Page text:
Uzbekistan’s cuisine

Uzbekistan-cuisine

From a treat for the eyes, to a treat for the taste buds. Uzbek cuisine has been shaped by the history and geography of this region. Traders, conquerors and nomads arrived from all corners of Asia, bringing with them ingredients, recipes, cooking techniques and religious customs. On the menu, you’ll find common characteristics of Turkic, Chinese and Eastern European cuisine.

The national dish of Uzbekistan is plov: pilau rice simmered in a rich stew of vegetables and meat – typically lamb, and more rarely beef or chicken. As it bubbles away on an open fire, piled in a big kazan cauldron, the aromas will set your tummy rumbling. For foodies on a holiday to Uzbekistan, we can arrange a live plov cookery demonstration.

Other favourites include lagman, a warming broth featuring hand-pulled noodles, vegetables, and lamb or beef; shashlik (shish kabab); delightful spiced-meat dumplings called manti, and their smaller cousins, chuchvara; flat-loaved bread called non; and a hearty one-pot stew called dimlama.

To sate your sweet tooth as the Uzbeks do, enjoy dried fruits and nuts, or a more indulgent halvah sweet, washed down with green tea – the national drink, served in teahouses (chaikhanas) across the country. Viticulture is somewhat in its infancy, here, but tastings at one of the dozen wineries can be arranged.

 

Uzbekistan’s arts and crafts

Uzbekistan-crafts

As you browse and barter around Uzbekistan’s bazaars, you’ll be greeted by stalls filled with locally made crafts. On everything from slippers to fabric caps; pottery to jewellery; intricate patterns abound, showcasing the attention to detail and expertise poured into each item by their makers.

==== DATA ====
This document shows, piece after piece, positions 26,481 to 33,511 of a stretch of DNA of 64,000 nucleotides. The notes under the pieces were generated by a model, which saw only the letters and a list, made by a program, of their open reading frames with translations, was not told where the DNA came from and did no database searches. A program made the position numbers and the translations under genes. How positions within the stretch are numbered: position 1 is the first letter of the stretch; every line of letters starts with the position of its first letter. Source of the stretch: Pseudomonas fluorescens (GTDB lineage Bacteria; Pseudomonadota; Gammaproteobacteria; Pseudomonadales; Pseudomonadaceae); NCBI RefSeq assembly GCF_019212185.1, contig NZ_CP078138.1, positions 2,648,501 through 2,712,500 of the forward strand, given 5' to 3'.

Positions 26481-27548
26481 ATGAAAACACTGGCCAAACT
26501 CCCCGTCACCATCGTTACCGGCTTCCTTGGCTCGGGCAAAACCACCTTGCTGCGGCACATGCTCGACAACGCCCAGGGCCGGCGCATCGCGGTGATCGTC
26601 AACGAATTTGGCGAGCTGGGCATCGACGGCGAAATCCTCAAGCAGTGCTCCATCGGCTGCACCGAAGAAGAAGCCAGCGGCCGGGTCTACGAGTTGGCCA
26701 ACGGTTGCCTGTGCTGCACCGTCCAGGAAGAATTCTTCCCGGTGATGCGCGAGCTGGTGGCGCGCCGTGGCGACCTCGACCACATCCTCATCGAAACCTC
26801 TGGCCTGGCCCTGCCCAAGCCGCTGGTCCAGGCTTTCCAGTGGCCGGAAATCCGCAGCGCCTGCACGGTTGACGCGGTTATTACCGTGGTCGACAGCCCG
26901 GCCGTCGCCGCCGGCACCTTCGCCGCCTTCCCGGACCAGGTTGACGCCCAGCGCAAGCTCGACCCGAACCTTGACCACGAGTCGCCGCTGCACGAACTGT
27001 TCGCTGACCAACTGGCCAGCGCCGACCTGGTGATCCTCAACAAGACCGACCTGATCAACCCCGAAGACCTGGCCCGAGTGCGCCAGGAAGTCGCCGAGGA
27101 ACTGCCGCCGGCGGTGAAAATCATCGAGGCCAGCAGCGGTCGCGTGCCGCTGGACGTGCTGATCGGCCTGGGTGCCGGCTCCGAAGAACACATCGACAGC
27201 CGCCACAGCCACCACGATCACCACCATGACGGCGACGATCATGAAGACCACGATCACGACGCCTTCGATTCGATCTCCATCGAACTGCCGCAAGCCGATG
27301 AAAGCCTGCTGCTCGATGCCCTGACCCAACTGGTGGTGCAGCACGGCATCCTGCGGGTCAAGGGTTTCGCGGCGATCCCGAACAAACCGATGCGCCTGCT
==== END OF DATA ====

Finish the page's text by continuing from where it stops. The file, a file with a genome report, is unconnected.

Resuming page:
Those makers are drawing from a deep well of tradition. Uzbek crafts are renowned, and each region specialises in one form or another, from embroidery to ceramics. As a result, souvenir hunters are spoilt for choice.

For a deeper insight into the history of Uzbekistan’s handicrafts, visit the Uzbekistan State Museum of Applied Art in Tashkent. Housed in a suitably ornate 1930s building, thousands of exhibits run the gamut of decorative arts, including jewellery making, woodcarving, ceramics, embroidery, and gold weaving.

The ancient Silk Road earnt its name from the sought-after silk sent west from China. But it was a different sort of ‘silk’ for which ancient Uzbekistan was renowned. Samarkand became famous for producing silk paper, then considered the best in the world. This ‘lost’ technique of papermaking has been revitalised in Koni Ghil village, and you can now visit to see the age-old process first-hand – and even take part.


Feeling inspired to visit Uzbekistan? When travelling the Silk Road, an escorted tour is highly recommended. Join our Uzbekistan: Heart of Central Asia itinerary for a comprehensive tour, or choose Uzbekistan: The Golden Road to Samarkand for a culture-focused itinerary.